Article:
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Jour 82: The birth control thing

So, remember how yesterday I was all "2012 is better than the Victorian days for women!"? Well, my very smart ladyfriend Beth noted that yeah, 2012 is better for women "unless you live in a state where your gov't wants to throw your human rights out with the birth control."

Check out this cute Victorian era pinup girl!
Fabulosity cares not what century you live in!

And yes, there's all this craziness going on in the US lately about birth control and why should the government care about that? and Planned Parenthood and pro-choice and pro-life and crazytimes. But that's not what I'm going to write about today, because this is a shopping finance blog.

Which is why this discussion will be of a purely financial dimension. And totally is in no way medical advice, obviously. But I think everybody's used to not taking me seriously as a finance blogger that it would be pretty odd for me to suddenly become a knowledgeable medical blogger.

The relative frugality of birth control

I have given all of these methods a "frugal rating" based on a) how effective they are, b) how much they cost, and c) how effective they are. Because, depending on how much you want or don't want to get knocked up, higher effectiveness may just be worth paying more for.


Richard Chamberlain in The Thornbirds did not do a good job of being celibate.
He did, however, do a good job of being super dreamy.

Cost: Nothing! It's just you and your convictions and your will power.

Relative effectiveness: Hard to gauge. The genius educators at Scarleteen wrote this great piece about how it's basically impossible to tell the effectiveness of celibacy because... you kind of are celibate until you're not. So as soon as you stop being celibate, you aren't part of the sample. Basically, if you are and maintain celibacy and avoid nay sort of hanky panky, then it's perefectly effective. But when you stop doing it? It's 100% non effective. So, I will call this a 50/50 effectiveness rate.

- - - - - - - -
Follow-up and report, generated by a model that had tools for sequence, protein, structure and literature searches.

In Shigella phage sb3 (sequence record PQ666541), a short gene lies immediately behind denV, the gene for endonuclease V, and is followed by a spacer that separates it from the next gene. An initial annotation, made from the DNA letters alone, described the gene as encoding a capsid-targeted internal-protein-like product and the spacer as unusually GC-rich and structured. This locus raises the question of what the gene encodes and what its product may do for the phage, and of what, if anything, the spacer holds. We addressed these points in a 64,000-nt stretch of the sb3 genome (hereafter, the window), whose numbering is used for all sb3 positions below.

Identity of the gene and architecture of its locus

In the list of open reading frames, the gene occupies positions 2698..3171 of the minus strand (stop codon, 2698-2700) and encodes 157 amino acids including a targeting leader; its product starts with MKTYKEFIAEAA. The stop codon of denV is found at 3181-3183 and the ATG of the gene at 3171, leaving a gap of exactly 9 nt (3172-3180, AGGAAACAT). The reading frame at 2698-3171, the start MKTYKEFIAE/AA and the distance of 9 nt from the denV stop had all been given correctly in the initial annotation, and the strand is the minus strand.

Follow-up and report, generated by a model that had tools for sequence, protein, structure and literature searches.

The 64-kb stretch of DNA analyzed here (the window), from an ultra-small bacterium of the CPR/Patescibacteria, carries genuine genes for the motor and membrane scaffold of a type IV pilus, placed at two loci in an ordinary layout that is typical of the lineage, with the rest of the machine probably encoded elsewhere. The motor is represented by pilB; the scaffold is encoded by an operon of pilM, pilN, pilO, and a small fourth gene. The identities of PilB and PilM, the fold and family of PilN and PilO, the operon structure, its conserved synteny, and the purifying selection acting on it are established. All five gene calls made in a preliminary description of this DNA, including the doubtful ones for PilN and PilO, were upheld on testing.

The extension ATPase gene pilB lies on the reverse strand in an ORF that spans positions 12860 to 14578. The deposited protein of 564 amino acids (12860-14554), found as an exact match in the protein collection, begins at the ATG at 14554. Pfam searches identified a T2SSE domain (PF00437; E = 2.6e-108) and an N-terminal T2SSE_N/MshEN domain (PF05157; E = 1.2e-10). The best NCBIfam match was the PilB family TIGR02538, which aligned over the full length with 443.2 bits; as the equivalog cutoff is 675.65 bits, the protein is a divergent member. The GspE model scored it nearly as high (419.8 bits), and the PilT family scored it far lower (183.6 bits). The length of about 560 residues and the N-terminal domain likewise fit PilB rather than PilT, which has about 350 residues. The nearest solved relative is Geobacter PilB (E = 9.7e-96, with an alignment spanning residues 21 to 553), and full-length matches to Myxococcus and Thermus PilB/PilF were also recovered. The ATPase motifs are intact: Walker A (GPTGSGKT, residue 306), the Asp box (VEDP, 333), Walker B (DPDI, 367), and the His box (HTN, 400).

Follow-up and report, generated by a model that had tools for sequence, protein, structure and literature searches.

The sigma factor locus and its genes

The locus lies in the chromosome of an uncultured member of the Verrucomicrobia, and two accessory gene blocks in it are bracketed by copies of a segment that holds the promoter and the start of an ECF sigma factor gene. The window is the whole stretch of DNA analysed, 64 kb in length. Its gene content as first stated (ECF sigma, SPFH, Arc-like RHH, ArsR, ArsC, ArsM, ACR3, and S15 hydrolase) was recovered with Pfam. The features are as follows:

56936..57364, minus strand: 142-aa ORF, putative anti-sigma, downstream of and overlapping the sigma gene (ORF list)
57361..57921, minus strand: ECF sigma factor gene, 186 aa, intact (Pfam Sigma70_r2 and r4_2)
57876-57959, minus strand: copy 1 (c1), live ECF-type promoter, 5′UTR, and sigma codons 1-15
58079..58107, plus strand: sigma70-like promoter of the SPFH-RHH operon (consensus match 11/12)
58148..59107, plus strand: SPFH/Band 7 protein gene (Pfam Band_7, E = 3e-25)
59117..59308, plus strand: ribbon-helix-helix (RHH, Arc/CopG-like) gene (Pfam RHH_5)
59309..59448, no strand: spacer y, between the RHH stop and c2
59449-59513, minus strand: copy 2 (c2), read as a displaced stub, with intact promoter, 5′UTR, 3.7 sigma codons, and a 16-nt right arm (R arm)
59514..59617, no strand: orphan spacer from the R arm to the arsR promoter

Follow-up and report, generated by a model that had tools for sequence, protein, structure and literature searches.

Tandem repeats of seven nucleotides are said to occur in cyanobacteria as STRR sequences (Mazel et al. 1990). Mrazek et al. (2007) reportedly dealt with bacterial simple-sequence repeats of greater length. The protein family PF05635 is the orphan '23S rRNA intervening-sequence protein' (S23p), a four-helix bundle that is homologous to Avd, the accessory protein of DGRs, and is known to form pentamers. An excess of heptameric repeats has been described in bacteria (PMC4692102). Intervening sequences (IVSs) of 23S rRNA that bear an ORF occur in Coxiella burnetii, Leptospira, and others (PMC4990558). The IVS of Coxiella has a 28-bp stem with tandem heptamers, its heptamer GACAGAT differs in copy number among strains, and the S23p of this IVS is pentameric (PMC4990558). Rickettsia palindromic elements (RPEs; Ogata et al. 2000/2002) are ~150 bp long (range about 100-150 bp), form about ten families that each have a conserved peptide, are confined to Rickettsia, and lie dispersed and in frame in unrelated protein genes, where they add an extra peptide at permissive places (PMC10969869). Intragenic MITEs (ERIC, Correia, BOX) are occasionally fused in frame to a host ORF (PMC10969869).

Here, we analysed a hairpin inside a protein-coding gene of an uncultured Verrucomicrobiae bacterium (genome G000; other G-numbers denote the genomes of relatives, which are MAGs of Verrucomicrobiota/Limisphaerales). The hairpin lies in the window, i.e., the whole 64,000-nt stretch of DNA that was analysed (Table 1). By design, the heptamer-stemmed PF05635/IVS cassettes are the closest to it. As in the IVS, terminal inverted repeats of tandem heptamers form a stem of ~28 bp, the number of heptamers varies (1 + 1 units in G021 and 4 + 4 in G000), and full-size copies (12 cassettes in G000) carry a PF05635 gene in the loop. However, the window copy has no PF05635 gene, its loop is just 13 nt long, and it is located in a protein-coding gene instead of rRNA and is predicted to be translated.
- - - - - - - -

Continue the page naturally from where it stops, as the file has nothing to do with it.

Frugal Rating: This is like a high stakes option. If you manage to do this perfectly, then you're set. But even a little slip-up could be suddenly non effective. So, if you balance the effectiveness with the frugality, I will give this a totally random 4/10.


Adam Levine from Maroon 5 and The Voice is a proponent of this method.
Not that that has anything to do with anything, I just wanted to post a picture of Adam Levine.

Cost: Nothing! 

Relative effectiveness: 96% perfect use/ 73% typical use

Frugal Rating: I randomly assign this 5/10

Fertility Awareness

It works for the Duggars! ... or not...

Cost: Nothing! Although, if you're super into doing this, then you may need to buy stuff like ovulation test, which can cost like $29 for 20 of them. You may also need to buy markers and calendars to chart your cycles and stuff. Still, pretty darn cheap.

Relative effectiveness: 98% perfect use/ 80% typical use

Frugal Rating: 6/10